What is Prediabetes?
Pre-diabetes is the stage at which blood sugar levels are high, yet not sufficiently high to be diagnosed as diabetes. It is not full-blown diabetes. Glucose is derived from the various types of sugars and carbohydrates consumed. When the glucose levels in your blood is too high, it can eventually bring health problems. A person with pre-diabetes predisposes him to type II diabetes, stroke and heart disease.
Usually, prediabetes precedes Type II diabetes. Normal blood glucose is in the range of 70 – 99 mg/dL while more than that, in the range of 100 – 125 mg/dL is considered prediabetes. And when it exceeds 125 mg/dL at 126 mg/dL or higher, diabetes has been reached. The risk for diabetes is great among those with prediabetes.
Causes & Risk Factors for Prediabetes
Who is at risk for prediabetes?
People with the following factors are at greater risk of prediabetes than others:
- Hypertension (above 140/90 Hg).
- Women with PCOS (Polycystic Ovary Syndrome).
- Genetically inclined: having close relatives who have diabetes.
- Had gestational diabetes(GDM) or given birth to a baby weighing more than nine pounds.
- Descendents of Native American, African American, Asian/Pacific Islander or Latin American
- Low HDL cholesterol (good cholesterol): For men, below 40 mg/dL for women, below 50 mg/dL, or High triglyceride level (more than 250 mg/dL)
Diagnosis & Tests for Prediabetes
How To Determine If You’re Pre-Diabetic? – Video Guide
Treatment of Prediabetes
Diet and exercise are more effective than medicine at preventing or delaying diabetes.
Nevertheless, your doctor would advise you to take medicine when the possibility of getting diabetes is high and other health problems like
- a high blood pressure or low HDL cholesterol level.
- a high triglyceride level.
Prevention of Diabetes
Can diabetes be prevented even when I have been diagnosed with prediabetes?
It may be possible to reduce the risk of getting diabetes with some changes to your way of living. If you have been over-eating or eating the wrong types of food, and gaining weight, correcting the amount and the types of food to lose weight can assist to reduce your cholesterol levels and blood pressure.
Losing at least 5 percent of your present weight can delay, if not prevent, diabetes. It may even move you back to normal blood sugar levels. Weight loss can be achieved by lessening the calories and fat consumed, and exercising for half an hour each day. Exercise can also make insulin more effective. Medicine may be prescribed for the high sugar levels in your blood.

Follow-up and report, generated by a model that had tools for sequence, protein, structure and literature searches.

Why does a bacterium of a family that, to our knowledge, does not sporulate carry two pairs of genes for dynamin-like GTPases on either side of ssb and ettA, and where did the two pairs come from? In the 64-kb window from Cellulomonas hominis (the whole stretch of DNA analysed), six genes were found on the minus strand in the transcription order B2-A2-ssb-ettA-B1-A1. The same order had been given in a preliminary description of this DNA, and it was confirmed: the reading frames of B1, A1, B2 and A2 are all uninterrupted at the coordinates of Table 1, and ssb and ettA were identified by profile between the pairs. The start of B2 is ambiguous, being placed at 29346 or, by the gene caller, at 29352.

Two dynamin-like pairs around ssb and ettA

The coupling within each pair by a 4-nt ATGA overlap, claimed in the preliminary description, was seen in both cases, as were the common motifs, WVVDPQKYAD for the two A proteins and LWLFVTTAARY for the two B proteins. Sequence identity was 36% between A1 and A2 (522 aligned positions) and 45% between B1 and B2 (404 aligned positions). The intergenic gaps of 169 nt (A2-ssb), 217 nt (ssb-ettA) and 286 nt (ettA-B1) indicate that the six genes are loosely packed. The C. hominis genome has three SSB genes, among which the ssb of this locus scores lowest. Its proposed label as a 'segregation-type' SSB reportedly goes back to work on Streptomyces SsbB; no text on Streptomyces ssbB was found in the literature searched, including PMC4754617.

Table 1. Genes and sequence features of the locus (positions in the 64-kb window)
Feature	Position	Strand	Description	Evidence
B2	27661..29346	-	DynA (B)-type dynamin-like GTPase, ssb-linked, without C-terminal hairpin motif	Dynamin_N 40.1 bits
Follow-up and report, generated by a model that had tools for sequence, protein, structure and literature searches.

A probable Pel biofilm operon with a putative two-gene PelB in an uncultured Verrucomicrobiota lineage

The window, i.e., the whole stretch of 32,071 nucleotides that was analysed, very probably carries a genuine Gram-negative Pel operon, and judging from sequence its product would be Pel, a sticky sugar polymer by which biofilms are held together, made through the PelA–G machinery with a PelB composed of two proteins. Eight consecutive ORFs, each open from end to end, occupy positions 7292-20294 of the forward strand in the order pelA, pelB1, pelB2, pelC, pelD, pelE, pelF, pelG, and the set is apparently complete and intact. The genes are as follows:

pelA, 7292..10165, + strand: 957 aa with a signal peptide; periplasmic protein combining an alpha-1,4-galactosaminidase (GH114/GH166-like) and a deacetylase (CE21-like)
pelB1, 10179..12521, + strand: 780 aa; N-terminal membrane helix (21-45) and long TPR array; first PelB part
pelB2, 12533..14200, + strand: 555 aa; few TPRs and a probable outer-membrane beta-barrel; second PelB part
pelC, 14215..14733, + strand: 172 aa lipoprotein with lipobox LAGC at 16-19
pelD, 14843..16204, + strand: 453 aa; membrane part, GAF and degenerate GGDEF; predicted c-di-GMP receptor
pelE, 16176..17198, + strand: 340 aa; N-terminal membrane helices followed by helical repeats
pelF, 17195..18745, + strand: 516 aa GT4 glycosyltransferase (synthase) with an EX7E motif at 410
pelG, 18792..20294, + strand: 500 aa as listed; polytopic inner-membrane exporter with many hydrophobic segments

A healthy diet will help. Foods like fish, vegetables, wholegrains, fruits, salads, poultry, beans and other meats should be eaten. However, consume less sugar, molasses or honey. Eat more whole grains and less processed refined food such as white flour. To assist you to change to a better diet, your doctor should introduce you to a diabetes educator or dietitian.(see Diabetic Diet)
Of your total day’s calories, not more than 30 percent should be derived from fat, not more than 10 percent from saturated fat, and about 50% – 60 % from carbohydrates. You diet should consist of a minimum 38 grams fiber each day for those men below the age of 51 or a minimum of 25 grams fiber for women below the age of 51.
Exercise is also essential to good health. You should do some kind of moderate exercise for about half an hour 5 days a week. Exercises such as fast walking or swimming are ideal. However, it is necessary to consult your doctor or your healthcare team on the type of exercise safe for your health and fitness level.
Since many people suffering from prediabetes do not exhibit any symptoms, those who are above 44 years of age, especially those who are obese, are advised to submit themselves for prediabetes tests to find out how high their blood sugar levels are.
Questions To Ask Your Doctor
- If I am diagnosed with prediabetes, is diabetes imminent?
- Is there any way I can prevent diabetes?
- Since my father has diabetes, do I need to be tested for prediabetes regularly?
- If I have diabetes, do my children have to be tested regularly for prediabetes ?
- If I had gestational diabetes, do I need to be tested regularly for prediabetes?
- What foods can I eat to prevent prediabetes?
- Do you think a dietitian is the best person for me to consult on my diet?